The United Nations human rights chief Michelle Bachelet said it remained unclear whether a long-delayed report on China’s Xinjiang region will be published before she steps down at the end of the month.
“I had fully intended for it to be released before the end of my mandate, and we … have received substantial input from the government that we will need to carefully review,” Michelle Bachelet told reporters.
Bachelet said nearly a year ago that her office was finalising a report on the rights situation in the Xinjiang region, where Beijing stands accused of detaining more than one million Uyghurs and other Muslim minorities — charges it vehemently denies.
But the report has been repeatedly delayed, sparking growing outrage of rights groups.
Beijing has been accused of detaining over a million Uyghurs and other Muslim minorities in Xinjiang.
Beijing has also been accused of carrying out forced sterilisation of women and drafting minorities into forced labour.
The United States and lawmakers in other western countries have gone as far as accusing China of committing “genocide” against the minority groups, allegations that Beijing vehemently denies.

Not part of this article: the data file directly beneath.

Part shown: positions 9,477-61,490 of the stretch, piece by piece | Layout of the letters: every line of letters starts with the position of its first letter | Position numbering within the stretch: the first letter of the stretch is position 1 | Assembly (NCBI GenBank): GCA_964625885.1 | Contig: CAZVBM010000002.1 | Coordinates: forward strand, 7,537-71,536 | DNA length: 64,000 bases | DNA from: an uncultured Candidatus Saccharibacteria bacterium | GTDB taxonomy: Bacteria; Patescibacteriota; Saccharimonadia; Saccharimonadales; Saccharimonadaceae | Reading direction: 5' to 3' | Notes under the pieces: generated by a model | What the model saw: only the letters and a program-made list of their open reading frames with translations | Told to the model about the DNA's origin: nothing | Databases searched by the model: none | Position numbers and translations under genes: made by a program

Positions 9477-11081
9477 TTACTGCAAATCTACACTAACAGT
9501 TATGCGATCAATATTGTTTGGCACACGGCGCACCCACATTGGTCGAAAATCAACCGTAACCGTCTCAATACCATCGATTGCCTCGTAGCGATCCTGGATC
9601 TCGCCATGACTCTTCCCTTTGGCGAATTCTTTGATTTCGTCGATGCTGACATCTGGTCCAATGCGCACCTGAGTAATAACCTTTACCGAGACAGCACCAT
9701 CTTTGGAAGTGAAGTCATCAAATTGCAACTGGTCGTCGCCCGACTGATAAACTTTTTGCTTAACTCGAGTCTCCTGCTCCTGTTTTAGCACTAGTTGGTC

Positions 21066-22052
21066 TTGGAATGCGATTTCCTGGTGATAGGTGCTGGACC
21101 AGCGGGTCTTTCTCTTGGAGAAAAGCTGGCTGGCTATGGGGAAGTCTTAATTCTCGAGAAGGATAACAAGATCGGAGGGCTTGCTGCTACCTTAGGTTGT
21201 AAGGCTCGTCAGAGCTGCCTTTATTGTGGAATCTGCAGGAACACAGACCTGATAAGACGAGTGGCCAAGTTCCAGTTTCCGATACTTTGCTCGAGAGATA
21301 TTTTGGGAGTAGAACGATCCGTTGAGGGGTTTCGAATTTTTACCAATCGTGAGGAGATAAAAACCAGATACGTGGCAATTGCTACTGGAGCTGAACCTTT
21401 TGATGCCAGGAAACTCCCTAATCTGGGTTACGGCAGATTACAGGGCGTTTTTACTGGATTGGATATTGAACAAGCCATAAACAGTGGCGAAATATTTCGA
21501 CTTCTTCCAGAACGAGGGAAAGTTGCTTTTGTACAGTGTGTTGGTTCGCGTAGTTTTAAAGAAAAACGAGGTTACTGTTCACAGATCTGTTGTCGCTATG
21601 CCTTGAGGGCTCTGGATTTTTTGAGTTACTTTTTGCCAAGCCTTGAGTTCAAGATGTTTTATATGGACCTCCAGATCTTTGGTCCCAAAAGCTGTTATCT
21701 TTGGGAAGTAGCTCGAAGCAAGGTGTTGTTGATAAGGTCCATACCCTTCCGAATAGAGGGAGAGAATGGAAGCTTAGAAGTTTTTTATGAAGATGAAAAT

China has long claimed it was running vocational training centres in Xinjiang designed to counter extremism.
For us, publication is important. It would be a first step towards holding China to account for what many have called cultural genocide.
As head of human rights for the United Nations, Bachelet had committed to publishing it before the end of her four-year term on August 31. Her response that she would “try” to publish it “on time” came as a frustration to rights groups which have been waiting over a year for her assessment.
Though the report cannot impose binding measures, it will have a moral impact and can lead the way to further investigations. It could also potentially lead to a resolution at the next session of the Human Rights Council.